While the Covid-19 pandemic curtailed indoor dining and music at Detroit Street Filling Station, owner Phillis Engelbert and her team still kept an eye and an ear on the future. 

The Kerrytown-area restaurant survived the disruption and reopened its indoor dining room last month. Meanwhile, the music has moved next door into what they believe is the only all-vegan bar in Michigan, the North Star Lounge.

Built in 1887, originally a horse stable, and most recently home to Jessica’s Apothecary & Spa (now on N. Main), the two-story brick structure at the corner of Fifth and Catherine has been remodeled into a cozy music venue with live acts upstairs five nights a week. Its grand opening was Oct. 1.

Engelbert, a grassroots activist-turned-restaurateur, says the idea is an outgrowth of the community-building ethos cultivated at Detroit Street Filling Station and her Lunch Room Bakery & Cafe at the Huron Towers Apartments on Fuller Rd. “It’s been a central part of our mission to bring people together to enjoy the good things in life, like food and music.”

North Star owner Phillis Engelbert says the idea grew out of the community-building ethos cultivated at the Detroit Street Filling Station and the Lunch Room Bakery & Cafe. “It’s been a central part of our mission to bring people together to enjoy the good things in life, like food and music.” | Photo: J. Adrian Wylie

Back in 2010, when Engelbert’s nascent business was serving at pop-up sites such as the Workantile coworking space on S. Main St., she booked the Appleseed Collective for musical entertainment. Their young guitarist, Andrew Brown, now with Djangophonique, is North Star Lounge’s artistic director. Also a graphic designer, he’d been in charge of the music programming at Detroit Street. “And then eventually [Engelbert] calls me up one day and she says, ‘Hey, I want to take this to the next level. Let’s take a research trip to New Orleans,” he recalls. “Couldn’t refuse.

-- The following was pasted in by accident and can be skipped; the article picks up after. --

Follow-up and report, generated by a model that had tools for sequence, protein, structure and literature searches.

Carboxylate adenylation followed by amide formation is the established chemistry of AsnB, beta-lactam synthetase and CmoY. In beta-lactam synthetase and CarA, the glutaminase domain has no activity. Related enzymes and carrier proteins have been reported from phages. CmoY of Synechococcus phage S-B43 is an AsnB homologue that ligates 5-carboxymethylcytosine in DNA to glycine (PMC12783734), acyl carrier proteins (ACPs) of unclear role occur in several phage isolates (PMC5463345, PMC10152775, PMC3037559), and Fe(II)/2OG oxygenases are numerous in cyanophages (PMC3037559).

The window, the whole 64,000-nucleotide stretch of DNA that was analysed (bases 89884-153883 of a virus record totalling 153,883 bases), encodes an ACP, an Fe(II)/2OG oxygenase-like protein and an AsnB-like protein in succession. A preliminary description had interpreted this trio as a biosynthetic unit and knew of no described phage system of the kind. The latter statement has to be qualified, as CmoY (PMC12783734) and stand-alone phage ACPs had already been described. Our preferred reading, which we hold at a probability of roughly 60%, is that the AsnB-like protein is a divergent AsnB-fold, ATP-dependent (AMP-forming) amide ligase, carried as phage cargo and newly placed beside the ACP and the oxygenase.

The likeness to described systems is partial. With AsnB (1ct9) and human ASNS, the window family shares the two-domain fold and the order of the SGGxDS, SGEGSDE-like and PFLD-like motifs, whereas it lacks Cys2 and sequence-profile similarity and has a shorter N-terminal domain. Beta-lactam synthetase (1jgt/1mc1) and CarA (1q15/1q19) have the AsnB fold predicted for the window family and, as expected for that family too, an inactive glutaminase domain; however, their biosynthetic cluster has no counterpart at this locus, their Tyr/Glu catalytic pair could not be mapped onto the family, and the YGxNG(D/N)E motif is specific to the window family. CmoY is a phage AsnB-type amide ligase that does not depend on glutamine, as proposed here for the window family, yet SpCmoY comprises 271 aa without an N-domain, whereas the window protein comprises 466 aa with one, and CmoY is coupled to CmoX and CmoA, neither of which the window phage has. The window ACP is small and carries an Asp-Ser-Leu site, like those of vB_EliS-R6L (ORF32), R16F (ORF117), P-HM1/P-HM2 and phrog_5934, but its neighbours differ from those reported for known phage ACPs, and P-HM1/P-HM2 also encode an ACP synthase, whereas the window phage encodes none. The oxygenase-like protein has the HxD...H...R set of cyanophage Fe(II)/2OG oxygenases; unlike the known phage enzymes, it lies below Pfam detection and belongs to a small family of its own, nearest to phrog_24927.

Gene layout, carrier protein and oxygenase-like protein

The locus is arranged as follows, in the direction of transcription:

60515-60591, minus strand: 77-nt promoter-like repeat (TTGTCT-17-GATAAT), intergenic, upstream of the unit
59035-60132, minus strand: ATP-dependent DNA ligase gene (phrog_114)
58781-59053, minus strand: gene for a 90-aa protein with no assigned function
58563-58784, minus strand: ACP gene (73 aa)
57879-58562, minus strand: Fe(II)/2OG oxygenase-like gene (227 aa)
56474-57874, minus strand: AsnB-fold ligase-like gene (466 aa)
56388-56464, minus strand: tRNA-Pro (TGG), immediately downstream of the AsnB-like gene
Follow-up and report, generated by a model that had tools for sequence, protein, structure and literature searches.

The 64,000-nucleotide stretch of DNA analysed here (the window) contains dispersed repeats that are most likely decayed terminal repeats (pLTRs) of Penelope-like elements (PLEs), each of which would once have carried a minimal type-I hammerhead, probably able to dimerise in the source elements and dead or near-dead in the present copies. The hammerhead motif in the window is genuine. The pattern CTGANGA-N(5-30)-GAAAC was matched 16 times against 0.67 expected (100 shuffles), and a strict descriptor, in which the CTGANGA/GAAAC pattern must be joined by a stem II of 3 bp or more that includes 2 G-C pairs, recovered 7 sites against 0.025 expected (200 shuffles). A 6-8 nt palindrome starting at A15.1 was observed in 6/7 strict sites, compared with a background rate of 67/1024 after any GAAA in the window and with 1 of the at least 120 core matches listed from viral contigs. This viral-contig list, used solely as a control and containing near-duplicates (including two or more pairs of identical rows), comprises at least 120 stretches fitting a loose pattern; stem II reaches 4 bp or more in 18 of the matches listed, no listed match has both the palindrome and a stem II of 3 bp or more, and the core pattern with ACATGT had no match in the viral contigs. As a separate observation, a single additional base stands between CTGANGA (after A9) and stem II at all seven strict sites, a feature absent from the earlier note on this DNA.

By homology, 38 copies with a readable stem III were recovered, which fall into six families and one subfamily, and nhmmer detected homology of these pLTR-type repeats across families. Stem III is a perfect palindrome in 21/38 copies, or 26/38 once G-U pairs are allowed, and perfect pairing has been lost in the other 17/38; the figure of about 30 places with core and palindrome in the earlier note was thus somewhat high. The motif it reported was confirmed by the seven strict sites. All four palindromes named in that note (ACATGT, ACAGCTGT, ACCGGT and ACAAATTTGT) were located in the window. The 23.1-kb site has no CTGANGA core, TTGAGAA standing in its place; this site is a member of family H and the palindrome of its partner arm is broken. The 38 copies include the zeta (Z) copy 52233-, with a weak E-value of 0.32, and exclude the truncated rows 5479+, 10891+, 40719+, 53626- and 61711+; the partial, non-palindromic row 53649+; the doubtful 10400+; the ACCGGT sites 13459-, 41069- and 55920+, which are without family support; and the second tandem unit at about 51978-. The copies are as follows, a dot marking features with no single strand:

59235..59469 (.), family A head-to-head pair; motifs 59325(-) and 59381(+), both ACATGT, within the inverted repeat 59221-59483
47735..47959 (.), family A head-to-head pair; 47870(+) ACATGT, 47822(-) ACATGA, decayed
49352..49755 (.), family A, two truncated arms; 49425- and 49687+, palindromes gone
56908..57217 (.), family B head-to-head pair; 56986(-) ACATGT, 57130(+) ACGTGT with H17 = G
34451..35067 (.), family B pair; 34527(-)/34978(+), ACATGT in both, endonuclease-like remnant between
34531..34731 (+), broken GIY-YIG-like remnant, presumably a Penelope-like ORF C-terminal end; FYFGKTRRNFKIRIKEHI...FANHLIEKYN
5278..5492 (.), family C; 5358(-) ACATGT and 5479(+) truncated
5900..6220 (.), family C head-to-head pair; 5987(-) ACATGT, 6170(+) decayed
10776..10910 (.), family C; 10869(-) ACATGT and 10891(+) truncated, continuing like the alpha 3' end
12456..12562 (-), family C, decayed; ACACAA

“One of the original ideas we had was, ‘Let’s try to make a cool, tiny, super-intimate, New Orleans–style club.’”

Their space and tastes lend themselves to acoustic rather than electrified genres, but it’s still loud enough for the sound to reach the street. “People will hear the music, and they walk in,” Engelbert notes, “That happened a lot last night. They’re just sort of drawn in by the music.”

Brown booked one act for October—the Lovestruck Balladeers—that required ticketing, but in general the cover charge is solely on the honor system as a supplement to the musicians’ guaranteed fee. “I love all the venues in town, the Ark, Blue LLama, all these great venues, but we don’t have a lot of places that you can just kind of, like, walk into and just sit down at a booth and enjoy some music,” he says.

Fellow local musician Dave Sharp, the Blue LLama’s artistic director, recently toured the desert-themed upstairs listening room, and he and Brown were already discussing plans to book each other’s bands at their respective venues. “It does kind of have an upstairs New Orleans club vibe,” Sharp recognizes, “that upstairs, you’re kind of hidden up there. There’s something going on up there.

“I’m excited about it. I hope it does really well.”

Nightly themes include LGBTQ night on Tuesdays; Hot Club jazz on Wednesdays, evoking the pre-WWII era; a piano bar on Thursdays, mostly held down by Mark Lincoln Braun, aka Mr. B; bluegrass on Fridays; and a rotation of local artists on Saturdays. 

A Rock-Ola CD-8 jukebox, found used on consignment in Fenton, was worth the effort to haul it upstairs, Engelbert laughs. Patrons can make free selections from its 100 compact discs. “I feel like it’s romantic. And it’s all part of the vibe. What we’re trying to do here really is bring people joy.”

Plants in every window, Engelbert’s desert photography, and metal sculptured saguaro on the walls help create the ambiance, for which she credits collaborator Nick Wilkinson, a bartender and handyman. Brown sees the closely-arranged small tables and booths as conducive to creating shared experience: “It’s just one big party of forty.” 

The all-vegan food menu of snacks and desserts is a selection developed from trying various specials at Detroit Street Filling Station. 

The ground floor bar offers more seating, plus a closed-circuit screen and speakers fed from the stage upstairs. The basis for North Star’s name is obvious here, with a portrait of “our patron saint” Harriet Tubman and a starry mural, all the work of local artists, Engelbert proudly notes. 

“It’s really about freedom and liberation and hope. It’s a beacon of hope that you want to head toward.”

North Star Lounge, 301 N. Fifth Ave. No phone. Tues.–Sat. 5–11 p.m. Closed Sun. & Mon. nstarlounge.com